Not to underestimate the power of social media, but officials in Azerbaijan believe it takes more than active tweeting to resolve an ethnic conflict; especially if it's the longest-running conflict to come out of the Soviet Union.
In a swipe at James Warlick, Washington's point-man for negotiations between Baku and Yerevan on the 26-year Nagorno-Karabakh conflict, a senior Azerbaijani presidential administration official commented on May 1 that he would like to see the US mediator's tweets matched by actions.
“Sometimes it seems to me that Mr. Warlick seeks to resolve the #NagornoKarabakh conflict through his tweets,” tweeted Novruz Mammadov, deputy chief of staff to Azerbaijani President Ilham Aliyev.
Twitter debates with the ambassador about certain events in the Karabakh
conflict are not possible, Deputy Foreign Minister Araz Azimov added in an interview with APA news agency, since a tweet "must
consist of only 120 letters."
Azimov went still further, charging that the US envoy is pro-Armenian, and "spreading rumors about a possible escalation of the conflict between Armenia and Azerbaijan." Baku has "every reason" to demand his recall, he said.
Ambassador Warlick, who recently attended an Azerbaijani gala dinner in Washington, has not yet responded. But he is, indeed, a prolific Twitter user.
Many of his tweets provide relatively innocuous progress reports about the Karabakh peace talks led by the US, France and Russia (the so-called Minsk Group), but one tweet in particular already has encountered Baku's ire -- an
observation that he had been "corrected" (presumably by
Armenia) that the conflict is between Azerbaijan and Karabakh; a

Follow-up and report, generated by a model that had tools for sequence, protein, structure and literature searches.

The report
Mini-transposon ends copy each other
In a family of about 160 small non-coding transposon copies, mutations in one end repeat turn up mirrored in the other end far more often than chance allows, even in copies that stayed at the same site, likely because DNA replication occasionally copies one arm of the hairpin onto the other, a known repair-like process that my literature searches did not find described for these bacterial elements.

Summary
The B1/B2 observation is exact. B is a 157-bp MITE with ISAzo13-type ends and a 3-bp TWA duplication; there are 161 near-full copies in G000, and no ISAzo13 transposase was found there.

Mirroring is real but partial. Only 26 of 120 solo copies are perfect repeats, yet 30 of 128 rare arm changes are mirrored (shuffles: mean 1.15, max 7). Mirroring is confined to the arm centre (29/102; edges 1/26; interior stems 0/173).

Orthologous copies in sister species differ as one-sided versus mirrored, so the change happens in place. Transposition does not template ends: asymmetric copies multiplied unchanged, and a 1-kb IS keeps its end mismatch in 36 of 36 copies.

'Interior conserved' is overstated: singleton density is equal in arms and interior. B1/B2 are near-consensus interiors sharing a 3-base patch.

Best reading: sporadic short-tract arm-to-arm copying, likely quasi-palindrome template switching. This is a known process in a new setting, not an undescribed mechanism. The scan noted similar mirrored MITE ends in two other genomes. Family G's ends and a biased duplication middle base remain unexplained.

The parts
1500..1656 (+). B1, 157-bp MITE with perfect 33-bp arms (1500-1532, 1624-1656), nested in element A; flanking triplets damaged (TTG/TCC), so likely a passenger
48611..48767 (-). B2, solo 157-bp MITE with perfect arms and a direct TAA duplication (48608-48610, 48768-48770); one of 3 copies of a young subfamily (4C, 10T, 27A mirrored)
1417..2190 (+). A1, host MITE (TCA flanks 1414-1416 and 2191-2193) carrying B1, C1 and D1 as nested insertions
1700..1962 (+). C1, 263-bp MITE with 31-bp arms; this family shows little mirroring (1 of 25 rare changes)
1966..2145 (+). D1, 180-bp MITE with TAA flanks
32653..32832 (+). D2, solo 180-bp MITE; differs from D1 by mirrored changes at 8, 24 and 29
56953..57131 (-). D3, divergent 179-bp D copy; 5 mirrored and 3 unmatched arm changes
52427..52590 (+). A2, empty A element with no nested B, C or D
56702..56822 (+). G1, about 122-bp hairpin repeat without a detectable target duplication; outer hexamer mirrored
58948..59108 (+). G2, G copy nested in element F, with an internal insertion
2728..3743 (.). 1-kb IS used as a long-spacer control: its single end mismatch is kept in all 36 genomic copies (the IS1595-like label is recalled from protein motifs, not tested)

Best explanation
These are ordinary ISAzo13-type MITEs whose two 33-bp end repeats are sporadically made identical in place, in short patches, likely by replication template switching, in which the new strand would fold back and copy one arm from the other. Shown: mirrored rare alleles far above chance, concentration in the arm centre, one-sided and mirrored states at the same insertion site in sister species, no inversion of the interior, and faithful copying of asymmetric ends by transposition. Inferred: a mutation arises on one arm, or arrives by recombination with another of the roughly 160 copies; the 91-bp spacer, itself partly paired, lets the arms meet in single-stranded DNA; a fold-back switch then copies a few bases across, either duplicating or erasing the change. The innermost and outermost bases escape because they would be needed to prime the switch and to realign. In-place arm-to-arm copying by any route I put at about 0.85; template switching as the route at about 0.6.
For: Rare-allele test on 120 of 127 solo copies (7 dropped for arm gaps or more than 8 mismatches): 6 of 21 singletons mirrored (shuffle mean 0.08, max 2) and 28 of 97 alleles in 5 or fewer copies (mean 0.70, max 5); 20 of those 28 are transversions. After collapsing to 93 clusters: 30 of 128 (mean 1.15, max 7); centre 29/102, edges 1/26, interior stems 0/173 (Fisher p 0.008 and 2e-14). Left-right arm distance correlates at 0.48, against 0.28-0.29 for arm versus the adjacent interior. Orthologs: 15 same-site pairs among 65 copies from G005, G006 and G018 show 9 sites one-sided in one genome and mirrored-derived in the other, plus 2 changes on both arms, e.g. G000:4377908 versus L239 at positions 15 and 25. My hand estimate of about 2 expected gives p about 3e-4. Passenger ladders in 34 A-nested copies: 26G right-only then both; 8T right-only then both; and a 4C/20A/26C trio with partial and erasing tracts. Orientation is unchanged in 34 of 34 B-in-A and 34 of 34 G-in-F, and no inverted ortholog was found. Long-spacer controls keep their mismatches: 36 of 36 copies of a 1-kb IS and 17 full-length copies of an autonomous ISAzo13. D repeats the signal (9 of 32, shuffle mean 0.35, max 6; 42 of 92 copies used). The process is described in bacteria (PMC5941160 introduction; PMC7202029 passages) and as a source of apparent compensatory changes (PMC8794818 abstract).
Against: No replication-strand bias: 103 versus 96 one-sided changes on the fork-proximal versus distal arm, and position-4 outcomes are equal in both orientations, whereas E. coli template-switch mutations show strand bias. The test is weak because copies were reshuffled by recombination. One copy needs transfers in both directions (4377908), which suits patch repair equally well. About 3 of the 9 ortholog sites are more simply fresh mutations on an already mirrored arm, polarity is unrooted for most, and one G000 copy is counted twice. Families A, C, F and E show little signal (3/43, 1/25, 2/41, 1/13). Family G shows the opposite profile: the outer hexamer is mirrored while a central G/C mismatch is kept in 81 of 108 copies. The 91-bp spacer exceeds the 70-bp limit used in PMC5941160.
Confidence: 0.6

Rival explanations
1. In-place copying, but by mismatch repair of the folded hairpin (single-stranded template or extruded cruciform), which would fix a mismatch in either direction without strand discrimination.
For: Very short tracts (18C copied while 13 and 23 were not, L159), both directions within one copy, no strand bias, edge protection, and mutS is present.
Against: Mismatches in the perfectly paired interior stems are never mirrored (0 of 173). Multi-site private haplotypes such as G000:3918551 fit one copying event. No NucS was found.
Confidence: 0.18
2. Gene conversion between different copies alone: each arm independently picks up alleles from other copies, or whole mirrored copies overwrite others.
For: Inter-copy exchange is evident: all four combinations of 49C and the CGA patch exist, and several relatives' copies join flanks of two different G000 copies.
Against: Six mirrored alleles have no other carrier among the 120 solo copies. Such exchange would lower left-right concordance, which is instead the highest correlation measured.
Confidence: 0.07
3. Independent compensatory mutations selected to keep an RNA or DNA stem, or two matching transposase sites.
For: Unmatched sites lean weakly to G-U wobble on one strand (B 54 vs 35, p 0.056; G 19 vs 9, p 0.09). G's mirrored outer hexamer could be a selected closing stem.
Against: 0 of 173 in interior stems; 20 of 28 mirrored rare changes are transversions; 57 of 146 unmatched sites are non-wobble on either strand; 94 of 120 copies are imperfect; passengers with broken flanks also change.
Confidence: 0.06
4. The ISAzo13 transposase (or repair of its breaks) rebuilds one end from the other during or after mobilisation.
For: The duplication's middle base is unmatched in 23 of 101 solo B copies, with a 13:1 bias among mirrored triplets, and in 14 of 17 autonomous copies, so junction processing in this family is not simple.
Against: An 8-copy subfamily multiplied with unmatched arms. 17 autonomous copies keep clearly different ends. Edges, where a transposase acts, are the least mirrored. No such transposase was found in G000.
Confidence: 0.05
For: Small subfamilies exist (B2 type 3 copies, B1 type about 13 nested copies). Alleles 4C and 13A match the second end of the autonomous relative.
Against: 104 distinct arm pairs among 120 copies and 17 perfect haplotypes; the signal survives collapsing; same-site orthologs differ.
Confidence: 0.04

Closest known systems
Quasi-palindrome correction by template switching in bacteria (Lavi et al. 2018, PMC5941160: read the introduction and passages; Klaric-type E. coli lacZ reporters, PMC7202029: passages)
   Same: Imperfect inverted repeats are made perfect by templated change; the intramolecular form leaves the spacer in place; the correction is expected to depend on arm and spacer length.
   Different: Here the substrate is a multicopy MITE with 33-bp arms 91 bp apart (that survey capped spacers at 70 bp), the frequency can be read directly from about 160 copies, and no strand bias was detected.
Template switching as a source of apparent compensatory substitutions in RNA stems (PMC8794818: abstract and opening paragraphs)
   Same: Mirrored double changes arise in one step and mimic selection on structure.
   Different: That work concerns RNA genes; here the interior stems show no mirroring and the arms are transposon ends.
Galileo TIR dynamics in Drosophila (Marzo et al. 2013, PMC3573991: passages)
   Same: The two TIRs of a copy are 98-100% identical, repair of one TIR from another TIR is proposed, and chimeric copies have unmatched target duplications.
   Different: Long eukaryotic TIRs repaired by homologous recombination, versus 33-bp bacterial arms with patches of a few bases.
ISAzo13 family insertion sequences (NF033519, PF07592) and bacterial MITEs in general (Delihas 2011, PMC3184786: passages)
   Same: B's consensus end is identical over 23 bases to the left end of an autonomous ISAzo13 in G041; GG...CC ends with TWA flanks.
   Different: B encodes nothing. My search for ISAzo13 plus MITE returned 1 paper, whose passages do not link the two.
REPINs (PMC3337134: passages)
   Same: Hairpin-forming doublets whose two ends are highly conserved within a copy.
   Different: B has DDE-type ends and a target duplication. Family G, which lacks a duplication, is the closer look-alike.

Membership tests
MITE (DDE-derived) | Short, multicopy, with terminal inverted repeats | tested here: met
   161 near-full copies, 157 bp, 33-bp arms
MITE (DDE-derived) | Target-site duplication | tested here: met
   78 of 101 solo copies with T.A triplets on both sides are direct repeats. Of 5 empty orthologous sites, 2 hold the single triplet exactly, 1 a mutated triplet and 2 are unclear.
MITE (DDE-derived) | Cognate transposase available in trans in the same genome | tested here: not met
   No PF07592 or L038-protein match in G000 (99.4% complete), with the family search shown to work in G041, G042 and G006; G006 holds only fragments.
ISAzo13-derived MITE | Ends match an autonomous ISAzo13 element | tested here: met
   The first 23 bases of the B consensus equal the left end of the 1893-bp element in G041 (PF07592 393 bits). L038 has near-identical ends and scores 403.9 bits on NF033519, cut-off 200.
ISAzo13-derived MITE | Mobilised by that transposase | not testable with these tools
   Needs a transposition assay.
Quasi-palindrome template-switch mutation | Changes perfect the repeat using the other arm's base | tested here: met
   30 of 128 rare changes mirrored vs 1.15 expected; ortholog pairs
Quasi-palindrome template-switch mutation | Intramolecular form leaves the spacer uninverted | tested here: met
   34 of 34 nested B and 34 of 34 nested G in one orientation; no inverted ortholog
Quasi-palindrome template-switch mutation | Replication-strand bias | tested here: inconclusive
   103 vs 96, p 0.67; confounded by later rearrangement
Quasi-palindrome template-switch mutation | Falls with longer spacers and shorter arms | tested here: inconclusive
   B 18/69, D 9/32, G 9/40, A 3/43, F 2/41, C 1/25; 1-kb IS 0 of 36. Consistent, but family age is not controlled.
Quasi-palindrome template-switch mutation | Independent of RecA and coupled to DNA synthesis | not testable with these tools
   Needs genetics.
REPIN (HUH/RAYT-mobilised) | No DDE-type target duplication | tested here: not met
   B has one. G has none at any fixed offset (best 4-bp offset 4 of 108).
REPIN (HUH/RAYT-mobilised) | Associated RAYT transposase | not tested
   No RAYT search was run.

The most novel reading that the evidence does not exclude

position the Azerbaijani government categorically rejects.
As for the talks themselves, Azerbaijani officials insist there has been no progress to speak -- or tweet -- of.
Earlier on, Ali Hasanov, a longtime senior presidential aide, objected that after 20-plus years of work by the Minsk Group, a breakthrough was nowhere in sight.
“If the negotiations continue without anyone putting pressure on Armenia, we will not get anywhere,” Hasanov told APA news agency. “The [p]resident of Azerbaijan is not happy with the negotiations process and with the work of the co-chairs of the Minsk Group in general."
But in its dislike of tweeting about delicate topics, Azerbaijan does not stand alone.
With or without Twitter, though, Baku already has one opening for its criticism of the Karabakh mediators -- the separatist schism in Ukraine.
Hasanov pointed out that unresolved conflicts like Karabakh continue to pose a threat to international security. Sounding a familiar refrain, he noted that the only alternative to talks is another war.
So far, Ambassador Warlick has not responded. (Neither Ali Hasanov nor Deputy Foreign Minister Azimov appear to have Twitter accounts.) But he has continued tweeting away